The Made-Up Man (2019): Joseph Scapellato


It has been much too long, hasn’t it? It wasn’t meant to be this way: when the lockdown started in London, back in March, I thought this would be the perfect time for reading and blogging. Yes, I thought I’d finally get round to ploughing through Proust. Instead, I’ve spent seven months in a one-bedroom room flat (save a few days here and there), on furlough, with a steadily dwindling sense of purpose and intellectual capacity. It turns out that, when you have nothing to do, it becomes increasingly hard to do anything at all. And I was one of the lucky ones: having my partner here with me has been a joy throughout. But it has still been immensely hard. This is the longest gap in my blogging since I started writing The Idle Woman in 2011 and I’m sorry for that. I even forgot the blog’s birthday back in July! But things are, hopefully, on the mend now. I’m returning to work in just over a week, and am looking forward to honing my mind again because, quite frankly, it feels like unformed putty at the moment. And I need to write. I’ve been genuinely lost without this blog over the last few months. Feeling unable to focus on reading, unable to write a blog post, has deprived me of some of the most joyous hobbies in my life. Writing this blog brings me contentment, discipline and, crucially at the moment, contact with you lovely people out there in the ether. In an ideal world, I’d be taking up the reins again with a post about a staggeringly brilliant book (for which, see Susannah Clarke’s Piranesi). I have more complex feelings about The Made-Up Man, but come along with me and we’ll see if we can thrash out an opinion about it somewhere on the way.

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The Hideout (1943): Egon Hostovský


A man writes a long overdue letter to his distant wife, from the cellar where he has been hiding in Normandy since the invasion of France by the Nazis. It is a confession, an affirmation and a form of self-analysis. The narrator is by turns ridiculous and profound, confined in his hiding place while war rages above: forced, while great events unfold unseen outside, to retread the well-worn paths of his own memories. Yet, in coming to understand his past, he has more sense of purpose in the present and, finally, begins to see the shape that his own future must take.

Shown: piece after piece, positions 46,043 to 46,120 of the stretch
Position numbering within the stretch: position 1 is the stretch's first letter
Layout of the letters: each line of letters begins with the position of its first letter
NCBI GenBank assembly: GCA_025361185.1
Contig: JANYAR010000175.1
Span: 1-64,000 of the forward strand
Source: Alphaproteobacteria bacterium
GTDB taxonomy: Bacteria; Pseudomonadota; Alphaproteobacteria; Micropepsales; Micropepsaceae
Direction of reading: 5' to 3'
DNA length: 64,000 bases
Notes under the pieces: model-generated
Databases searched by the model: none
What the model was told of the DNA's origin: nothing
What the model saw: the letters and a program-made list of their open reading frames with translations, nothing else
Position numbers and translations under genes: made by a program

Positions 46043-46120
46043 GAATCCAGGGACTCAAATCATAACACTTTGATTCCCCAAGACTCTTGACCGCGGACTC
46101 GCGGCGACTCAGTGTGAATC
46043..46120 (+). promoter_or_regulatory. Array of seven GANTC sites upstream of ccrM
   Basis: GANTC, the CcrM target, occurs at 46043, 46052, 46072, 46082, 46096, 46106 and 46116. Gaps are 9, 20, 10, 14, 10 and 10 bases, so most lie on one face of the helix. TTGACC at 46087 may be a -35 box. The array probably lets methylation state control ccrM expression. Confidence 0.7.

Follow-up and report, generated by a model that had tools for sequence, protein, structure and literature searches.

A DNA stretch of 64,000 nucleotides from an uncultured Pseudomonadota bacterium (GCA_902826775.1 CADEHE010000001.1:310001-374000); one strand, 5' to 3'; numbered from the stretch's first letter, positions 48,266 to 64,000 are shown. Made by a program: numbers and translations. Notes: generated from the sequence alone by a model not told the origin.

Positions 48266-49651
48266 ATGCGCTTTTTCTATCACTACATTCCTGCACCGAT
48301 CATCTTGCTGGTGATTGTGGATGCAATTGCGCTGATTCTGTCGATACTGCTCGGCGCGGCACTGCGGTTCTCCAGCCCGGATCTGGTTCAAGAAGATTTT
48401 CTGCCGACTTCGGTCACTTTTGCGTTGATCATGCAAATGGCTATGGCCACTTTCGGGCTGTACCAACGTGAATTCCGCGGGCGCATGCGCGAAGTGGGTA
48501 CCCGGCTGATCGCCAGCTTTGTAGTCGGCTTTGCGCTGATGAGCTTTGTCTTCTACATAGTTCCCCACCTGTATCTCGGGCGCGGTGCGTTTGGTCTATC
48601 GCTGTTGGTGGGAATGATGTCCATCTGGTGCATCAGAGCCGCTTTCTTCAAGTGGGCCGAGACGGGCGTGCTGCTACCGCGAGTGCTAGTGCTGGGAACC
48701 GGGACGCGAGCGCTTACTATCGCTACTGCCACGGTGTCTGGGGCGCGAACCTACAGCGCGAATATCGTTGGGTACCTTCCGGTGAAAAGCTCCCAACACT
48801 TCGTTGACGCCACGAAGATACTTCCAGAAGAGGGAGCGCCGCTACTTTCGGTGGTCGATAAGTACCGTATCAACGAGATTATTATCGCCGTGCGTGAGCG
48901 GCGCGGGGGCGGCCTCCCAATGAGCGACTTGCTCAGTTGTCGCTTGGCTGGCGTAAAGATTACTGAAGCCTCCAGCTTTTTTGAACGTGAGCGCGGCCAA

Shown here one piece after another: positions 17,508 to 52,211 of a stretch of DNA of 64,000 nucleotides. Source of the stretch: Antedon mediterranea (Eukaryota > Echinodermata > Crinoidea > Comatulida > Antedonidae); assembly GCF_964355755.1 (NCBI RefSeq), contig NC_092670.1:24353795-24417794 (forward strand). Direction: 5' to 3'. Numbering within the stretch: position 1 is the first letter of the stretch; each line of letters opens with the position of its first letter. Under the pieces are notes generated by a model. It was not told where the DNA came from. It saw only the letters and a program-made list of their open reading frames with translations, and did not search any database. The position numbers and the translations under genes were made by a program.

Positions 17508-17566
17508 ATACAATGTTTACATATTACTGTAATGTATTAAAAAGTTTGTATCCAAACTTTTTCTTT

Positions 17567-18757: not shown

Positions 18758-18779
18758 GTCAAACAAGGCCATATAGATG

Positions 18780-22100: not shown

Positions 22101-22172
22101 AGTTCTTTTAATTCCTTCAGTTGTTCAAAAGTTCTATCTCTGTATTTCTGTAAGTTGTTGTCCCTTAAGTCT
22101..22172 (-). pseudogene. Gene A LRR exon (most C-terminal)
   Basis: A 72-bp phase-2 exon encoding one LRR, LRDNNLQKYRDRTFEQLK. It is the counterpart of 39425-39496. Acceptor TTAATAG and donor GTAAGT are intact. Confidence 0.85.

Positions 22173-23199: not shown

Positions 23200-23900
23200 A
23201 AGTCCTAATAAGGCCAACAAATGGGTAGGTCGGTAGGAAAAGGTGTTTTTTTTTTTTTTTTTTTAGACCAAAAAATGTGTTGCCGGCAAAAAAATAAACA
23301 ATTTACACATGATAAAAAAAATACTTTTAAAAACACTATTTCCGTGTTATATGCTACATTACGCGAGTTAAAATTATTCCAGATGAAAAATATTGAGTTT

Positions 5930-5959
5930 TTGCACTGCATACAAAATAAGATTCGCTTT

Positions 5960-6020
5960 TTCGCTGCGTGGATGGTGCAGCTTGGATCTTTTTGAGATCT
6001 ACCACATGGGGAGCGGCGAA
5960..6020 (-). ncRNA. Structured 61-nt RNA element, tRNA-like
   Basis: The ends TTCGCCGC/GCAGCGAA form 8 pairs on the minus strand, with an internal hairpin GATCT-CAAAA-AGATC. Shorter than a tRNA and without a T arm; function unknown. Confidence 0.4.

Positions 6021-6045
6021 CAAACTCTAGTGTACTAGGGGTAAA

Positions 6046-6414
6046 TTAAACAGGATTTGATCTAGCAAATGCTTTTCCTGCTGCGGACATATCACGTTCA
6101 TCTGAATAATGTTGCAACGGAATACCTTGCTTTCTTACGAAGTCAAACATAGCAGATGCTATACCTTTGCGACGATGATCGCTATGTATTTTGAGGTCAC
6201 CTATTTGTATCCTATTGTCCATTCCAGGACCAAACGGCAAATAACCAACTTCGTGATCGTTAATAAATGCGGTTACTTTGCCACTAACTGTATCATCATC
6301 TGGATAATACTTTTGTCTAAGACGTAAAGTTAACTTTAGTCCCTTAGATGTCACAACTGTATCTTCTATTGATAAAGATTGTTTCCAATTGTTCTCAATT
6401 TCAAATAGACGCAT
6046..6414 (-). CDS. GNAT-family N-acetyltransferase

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The Last Bell (2017): Johannes Urzidil


Johannes Urzidil was one of the most celebrated Czech writers of the 20th century. Although he spent his last twenty years as an emigre in the United States, he never made the switch to writing in English. His works continued to be published in Europe in German (one of his two mother tongues) and his works were infused with the sensibility of his homeland. Despite his importance in European literature, his works have only rarely been translated into English. Pushkin Press have rectified this omission with a collection of Urzidil’s short stories, none of which have formerly been published in English, and translated now by David Burnett. Lively, moving and gently absurd, these stories focus on outsiders, people whose encounters with ordinary life and emotions leave them thwarted and unmasked as precisely the strange creatures that they are.

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